There might also be some other way of temporarily attaching the hydrogen to regular liquid fuel so as to increase its energy content.


1:22 am, July 17, 2005  
Anonymous Anonymous said...

Finance is a vital one - nearly everything energy needs an investment - so far there is no proper scheme for offsetting high initial capital costs against lifetime system costs.

However, WRT the H2 infrastructure. Yes, it would cost billions to transform our infrastructure. The USDOE reckoned about $12Bn for the US to give H2 access to 90% of its population.

Has anyone stopped to check the cost of oil infrastructure recently? $25Bn for the Alaskan pipeline. How much for the war in Iraq? What is the overall cost of fossil fuels used as energy? I think $12Bn is a bargain - and so obviously does George W Bush himself. I hate agreeing with that man.

9:01 am, February 13, 2006  
Anonymous Anonymous said...

almost everywhere one looks, one see disinformation about energy.
Hydrogen is not a fuel , it is an energy storage medium.
Natural Hydrogen floats out into space ( naturally).

Think of it like the way, we store electrical power generation , we pump water up hill into a lake. (at midnight to 4am).
Then, in the morning they generate power for all those people making toast in them morning.
Peak demand.
Or at night when we step in to that wasteful hot tub.

No one calls an artificial lake, a fuel source.

Hydrogen can be made by electrolysis of water.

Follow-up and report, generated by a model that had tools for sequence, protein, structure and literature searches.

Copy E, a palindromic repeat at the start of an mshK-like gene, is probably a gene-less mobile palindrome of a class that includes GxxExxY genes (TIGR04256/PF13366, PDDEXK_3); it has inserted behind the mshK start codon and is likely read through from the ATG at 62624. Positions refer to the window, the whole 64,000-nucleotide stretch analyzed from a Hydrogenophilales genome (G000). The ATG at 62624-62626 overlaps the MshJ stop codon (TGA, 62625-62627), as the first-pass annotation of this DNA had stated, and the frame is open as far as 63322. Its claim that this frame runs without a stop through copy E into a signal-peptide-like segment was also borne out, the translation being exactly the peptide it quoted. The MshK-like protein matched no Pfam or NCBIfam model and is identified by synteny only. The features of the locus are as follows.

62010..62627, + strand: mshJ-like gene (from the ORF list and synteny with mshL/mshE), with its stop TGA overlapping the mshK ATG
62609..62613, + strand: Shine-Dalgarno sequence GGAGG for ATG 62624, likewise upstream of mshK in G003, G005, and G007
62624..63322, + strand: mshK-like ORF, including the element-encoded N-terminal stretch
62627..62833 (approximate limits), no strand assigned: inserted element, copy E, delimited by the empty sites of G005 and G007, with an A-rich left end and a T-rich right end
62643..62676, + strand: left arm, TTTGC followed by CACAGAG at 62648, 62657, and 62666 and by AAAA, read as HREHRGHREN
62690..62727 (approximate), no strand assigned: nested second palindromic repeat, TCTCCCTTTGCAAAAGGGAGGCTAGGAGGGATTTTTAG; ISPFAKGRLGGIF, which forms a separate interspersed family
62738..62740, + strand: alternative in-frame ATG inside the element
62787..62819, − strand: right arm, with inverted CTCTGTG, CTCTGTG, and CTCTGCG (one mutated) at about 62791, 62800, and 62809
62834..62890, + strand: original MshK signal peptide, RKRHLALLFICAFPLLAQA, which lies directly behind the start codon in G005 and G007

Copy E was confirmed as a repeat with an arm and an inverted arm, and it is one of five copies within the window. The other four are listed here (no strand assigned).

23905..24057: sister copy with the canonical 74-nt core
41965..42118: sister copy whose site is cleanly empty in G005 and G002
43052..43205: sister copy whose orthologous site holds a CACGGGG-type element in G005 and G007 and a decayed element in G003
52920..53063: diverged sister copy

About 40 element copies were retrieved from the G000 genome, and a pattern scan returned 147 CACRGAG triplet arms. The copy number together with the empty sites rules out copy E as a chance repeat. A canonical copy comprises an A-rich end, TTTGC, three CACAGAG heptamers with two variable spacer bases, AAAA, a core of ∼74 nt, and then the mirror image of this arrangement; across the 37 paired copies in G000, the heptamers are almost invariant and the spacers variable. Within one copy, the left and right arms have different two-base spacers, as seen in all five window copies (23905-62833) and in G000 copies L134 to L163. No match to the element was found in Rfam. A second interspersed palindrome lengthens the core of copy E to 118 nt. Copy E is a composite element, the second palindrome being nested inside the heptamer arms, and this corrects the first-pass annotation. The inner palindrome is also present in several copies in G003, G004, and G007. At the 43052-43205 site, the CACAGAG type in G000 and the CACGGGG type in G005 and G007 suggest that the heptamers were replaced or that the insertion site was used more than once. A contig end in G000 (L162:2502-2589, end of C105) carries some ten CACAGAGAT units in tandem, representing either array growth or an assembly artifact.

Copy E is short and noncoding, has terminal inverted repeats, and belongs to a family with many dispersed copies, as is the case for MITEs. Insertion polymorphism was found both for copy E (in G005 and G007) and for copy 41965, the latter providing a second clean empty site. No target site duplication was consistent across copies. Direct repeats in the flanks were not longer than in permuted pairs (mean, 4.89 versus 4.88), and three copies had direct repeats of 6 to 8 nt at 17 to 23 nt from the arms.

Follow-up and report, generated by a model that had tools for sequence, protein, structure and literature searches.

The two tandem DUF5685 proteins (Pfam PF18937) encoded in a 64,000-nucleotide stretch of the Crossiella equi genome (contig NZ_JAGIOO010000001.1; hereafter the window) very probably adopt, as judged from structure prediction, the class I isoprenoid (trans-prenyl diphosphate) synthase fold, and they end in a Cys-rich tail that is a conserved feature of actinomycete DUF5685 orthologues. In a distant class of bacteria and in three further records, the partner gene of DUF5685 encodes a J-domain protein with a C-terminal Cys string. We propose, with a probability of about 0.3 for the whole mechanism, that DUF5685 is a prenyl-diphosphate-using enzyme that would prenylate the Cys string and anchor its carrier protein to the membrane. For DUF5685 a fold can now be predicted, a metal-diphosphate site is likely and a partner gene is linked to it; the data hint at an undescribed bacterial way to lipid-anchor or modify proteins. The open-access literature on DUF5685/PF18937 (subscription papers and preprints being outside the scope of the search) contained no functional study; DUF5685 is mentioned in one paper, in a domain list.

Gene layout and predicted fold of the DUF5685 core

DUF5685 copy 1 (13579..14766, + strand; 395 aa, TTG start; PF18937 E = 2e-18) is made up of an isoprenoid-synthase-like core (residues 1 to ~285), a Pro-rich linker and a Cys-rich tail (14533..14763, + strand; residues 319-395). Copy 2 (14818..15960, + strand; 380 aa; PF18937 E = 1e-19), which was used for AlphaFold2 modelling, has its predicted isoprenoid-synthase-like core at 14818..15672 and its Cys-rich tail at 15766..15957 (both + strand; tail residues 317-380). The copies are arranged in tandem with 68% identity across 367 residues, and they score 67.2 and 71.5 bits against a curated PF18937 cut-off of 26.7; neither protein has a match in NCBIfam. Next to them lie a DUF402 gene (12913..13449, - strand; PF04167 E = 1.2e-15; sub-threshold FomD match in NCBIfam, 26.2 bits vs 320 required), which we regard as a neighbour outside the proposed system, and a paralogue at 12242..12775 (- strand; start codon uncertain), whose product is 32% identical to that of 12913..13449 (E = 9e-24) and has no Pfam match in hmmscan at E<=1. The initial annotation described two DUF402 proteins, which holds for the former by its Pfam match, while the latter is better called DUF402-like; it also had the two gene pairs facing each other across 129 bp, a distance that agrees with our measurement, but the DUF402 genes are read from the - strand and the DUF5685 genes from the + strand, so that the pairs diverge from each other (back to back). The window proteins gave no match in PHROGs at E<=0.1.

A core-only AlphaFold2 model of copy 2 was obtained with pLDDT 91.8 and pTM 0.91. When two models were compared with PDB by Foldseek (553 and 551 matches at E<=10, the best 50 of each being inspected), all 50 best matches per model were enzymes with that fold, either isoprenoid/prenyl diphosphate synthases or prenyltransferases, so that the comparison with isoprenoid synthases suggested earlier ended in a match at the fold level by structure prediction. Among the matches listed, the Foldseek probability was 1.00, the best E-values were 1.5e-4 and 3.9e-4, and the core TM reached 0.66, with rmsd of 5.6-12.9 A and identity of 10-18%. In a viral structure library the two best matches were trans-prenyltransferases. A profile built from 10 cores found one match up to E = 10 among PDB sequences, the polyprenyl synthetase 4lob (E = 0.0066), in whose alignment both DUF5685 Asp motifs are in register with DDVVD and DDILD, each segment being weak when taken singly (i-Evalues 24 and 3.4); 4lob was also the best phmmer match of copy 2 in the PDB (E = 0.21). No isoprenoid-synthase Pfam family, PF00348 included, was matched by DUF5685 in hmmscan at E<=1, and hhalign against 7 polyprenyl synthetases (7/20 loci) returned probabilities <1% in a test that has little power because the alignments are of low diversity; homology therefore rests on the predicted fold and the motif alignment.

It can be made from steam splitting Natural gas (methane). ( cheapest method to date but NG is in Depletion in the USA)
It can be hyrdocracked out of OIL ( the largest amount on earth to day , this second, and every day).
Go to Chevron dot com and read.

Water can be split directly via the high temperature fission reactor method. ( I would live next to one !)
The Russians are building a liquid lead cooled reactor now to test this theory. ( so is Bush , go to DOE and read).

In each of the cases above, the problem is always that the cost is vastly too high or it is just simpler to
burn what mother nature gives us for free ( dino oil).
No one wastes more energy then you net. ( unless you are crazy or on some new religious kick !).

Even I ( if not arrested) could distill crude in my back yard and make about 47% gasoline and burn it in my
engine ( after retarding the timing because my gas is a crappy 80 octane). ( wasting only small amounts of energy)

Then the answer is just this , gee you are burning Hydrogen now ( see, in you gas tank) it is called
the “hydro (gen) carbon” called Gasoline. ( or Diesel Oil).
You are just wasting the carbon in the molecule chain.

If you want to save money on fuel, buy an Echo car. ( or tiny diesel car)
If you want to save the planet , walk more.

If you think the ZEV is cool , check out how much coal gets wasted ( 51% of all electricity uses coal in the USA and rising) between the coal fired plant and the charged battery in your ZEV car ( over 50% end to end) .

It is all a lesson in economics and is mostly not political.
The politics comes when we have to beg the Saudi’s for more Oil each year.

If you were given 10 choices ( just imagine for a moment) of fuel at the pump station and your car was a super multi-fueled machine, which fuel would you pick?
Gasoline $2.85 , Hydrogen $4.85 , LNG $3.50 , Rape Seed Oil $4.35 , E100 $4.00 (Ethanol) , Recycled French fry oil $4.35 , then repeat all the above and more for foreign and domestic.( you my wish to play politics). WHAT CHOICE WOULD YOU PICK and more important, the other people?
Try to be honest with youself.

Further reading
Read THE PRIZE , by Daniel Yergen ( URL: transcripts.cnn.com/TRANSCRIPTS/0204/13/tt.00.html)
And the book called one thousand barrels a second ( if you are time limited,a new hard back!).

Good day and happy hunting.

4:49 pm, April 11, 2006  
Anonymous Anonymous said...

The best choice that has been overlooked is the ability to burn hydrogen in a normal combustion engine. Hydrogen that can be produced from a catalatic reaction from water.

8:13 am, May 03, 2006